David Gristwood's Blog

Azure, Azure, Azure

Security and Windows XP Service Pack 2

The upcoming release of Windows XP Service Pack 2 (SP2) has had me thinking more about security.


SP2 is very much a security related release – Windows XP was launched before Microsoft’s Trustworthy Computing initiative was underway, so it hasn’t, at least not until now, benefited from the learning that came out of all our security and code reviews. Windows Server 2003, on the other hand, has been one of the main beneficiaries – for example, more than twenty of the services that were switched on in Windows Server 2000 are switched off in Windows Server 2003, and so administrators need to be deliberately and consciously switch on only those service they need. This approach obviously reduces the attack surface for Windows Server 2003, a big change from the old days when most of the common services were switched on out the box. It does mean we all need to think more about security, which is a reflection of the times we live in. I would recommend reading the Trustworthy Computing white paper for background information, and understanding more about the ideas behind our the mantra “Secure by Design, Secure by Default, Secure in Deployment”.


My main interest in SP2 was mainly from a developer perspective. Some applications will simply not run with SP2 installed, because SP2 tightens up security, and some of the defaults that developers assume will no longer be applicable. For a more detailed look at the impact of SP2 on application development, check out the article Windows XP Service Pack 2: A Developer’s View, and of course, if you do develop software, download Release Candidate 1 (RC1) of SP2 and check that your software still works with it!


The other aspect of security and SP2 that caught my attention is “spyware”  (sometimes referred to as “adware”). If you haven’t come across spyware, then here are some useful definitions, but they boil down to hidden programs that at best impact the behaviour and performance of a PC, and at worst transmit data from your PC to external web sites without your knowledge or permission. Not nice, however you look at it.


Fortunately, one of the Changes to Functionality in Microsoft Windows XP Service Pack 2 includes “locking down the Local Machine zone to prevent against the running of malicious scripts and fortifying against harmful Web downloads. Additionally, better user controls and user interfaces are provided that help prevent malicious ActiveX® controls and spyware from running on customers’ systems without their knowledge and consent”. Another good reason to install SP2 when it comes out later this summer 2004!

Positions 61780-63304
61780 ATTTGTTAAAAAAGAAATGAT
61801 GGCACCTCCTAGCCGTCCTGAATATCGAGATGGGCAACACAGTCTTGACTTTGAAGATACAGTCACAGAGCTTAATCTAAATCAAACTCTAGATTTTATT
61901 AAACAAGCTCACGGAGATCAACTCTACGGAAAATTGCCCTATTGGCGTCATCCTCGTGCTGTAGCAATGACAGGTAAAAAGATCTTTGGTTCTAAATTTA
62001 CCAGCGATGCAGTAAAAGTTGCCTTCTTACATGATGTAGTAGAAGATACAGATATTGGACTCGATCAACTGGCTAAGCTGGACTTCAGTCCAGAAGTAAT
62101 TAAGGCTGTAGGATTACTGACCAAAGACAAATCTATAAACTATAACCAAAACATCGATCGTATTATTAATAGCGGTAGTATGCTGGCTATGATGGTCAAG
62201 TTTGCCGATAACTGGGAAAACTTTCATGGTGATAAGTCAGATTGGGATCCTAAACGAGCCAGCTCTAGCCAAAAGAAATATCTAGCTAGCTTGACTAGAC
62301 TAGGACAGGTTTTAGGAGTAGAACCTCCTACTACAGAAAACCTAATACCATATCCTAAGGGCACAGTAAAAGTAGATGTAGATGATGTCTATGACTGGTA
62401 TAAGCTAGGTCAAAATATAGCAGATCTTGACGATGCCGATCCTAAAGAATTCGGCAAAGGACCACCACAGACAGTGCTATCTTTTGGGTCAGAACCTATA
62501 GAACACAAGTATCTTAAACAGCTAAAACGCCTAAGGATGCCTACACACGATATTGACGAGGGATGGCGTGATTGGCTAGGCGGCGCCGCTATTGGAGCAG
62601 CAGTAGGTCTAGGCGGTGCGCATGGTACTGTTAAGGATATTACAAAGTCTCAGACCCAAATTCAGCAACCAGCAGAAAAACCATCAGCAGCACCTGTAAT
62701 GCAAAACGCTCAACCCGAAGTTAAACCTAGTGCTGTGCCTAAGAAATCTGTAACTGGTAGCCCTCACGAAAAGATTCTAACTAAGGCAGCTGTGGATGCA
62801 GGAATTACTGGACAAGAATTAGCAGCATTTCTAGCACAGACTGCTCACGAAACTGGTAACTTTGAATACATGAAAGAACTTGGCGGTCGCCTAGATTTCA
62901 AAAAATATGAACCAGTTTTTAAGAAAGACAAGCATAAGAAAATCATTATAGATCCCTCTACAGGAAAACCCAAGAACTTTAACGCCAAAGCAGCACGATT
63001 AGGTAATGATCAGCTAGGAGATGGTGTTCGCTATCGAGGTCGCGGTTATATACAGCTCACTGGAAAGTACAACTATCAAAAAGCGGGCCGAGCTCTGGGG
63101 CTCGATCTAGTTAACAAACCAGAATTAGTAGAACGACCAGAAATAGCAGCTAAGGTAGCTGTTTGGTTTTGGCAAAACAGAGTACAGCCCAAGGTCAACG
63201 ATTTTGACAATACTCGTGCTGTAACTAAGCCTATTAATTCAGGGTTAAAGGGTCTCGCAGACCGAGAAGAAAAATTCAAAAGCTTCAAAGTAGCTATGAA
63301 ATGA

The other good news is that there are a number of utilities and tools that colleagues have recommended, that can help out, and so I though it would check out a few. I know I am not alone with finding spyware obtrusive and annoying – one of my colleagues at Microsoft, Mike Platt, hit on this same issue in one of his recent blogs.


One of the most popular of these utilities is Ad-Aware from Lavasoft, which has the “ability to comprehensively scan your memory, registry, hard, removable and optical drives for known datamining, aggressive advertising, and tracking components”. I ran it one my machine, and it came up with over 60 tracking cookies, which I happily let it remove for me!


Another is Spybot – Search & Destroy which can “can detect and remove a multitude of adware files and modules from your computer. Spybot also can clean program and Web-usage tracks from your system”. It found a couple more tracking cookies, but nothing more suspicious. It also creates a restore point before it does its work, which is a nice touch, just in case things go wrong.


The final tool I checked out was HijackThis, which “lists all installed browser add-on, buttons, startup items and allows you to inspect, and optionally remove selected items”. There is a nice little Quick Start tutorial for it. This tool is more powerful in terms of removing programs hooked into Internet Explorer and Windows, but as it warns “it cannot determine what is bad and what merely customized by you”, so it suggests saving the results of its search to a log file so that other  can provide more advice if you are uncertain.


So, it can be done. Take care, and don’t forget our “Protect your PC in 3 Steps” guidelines at www.microsoft.com/security/protect/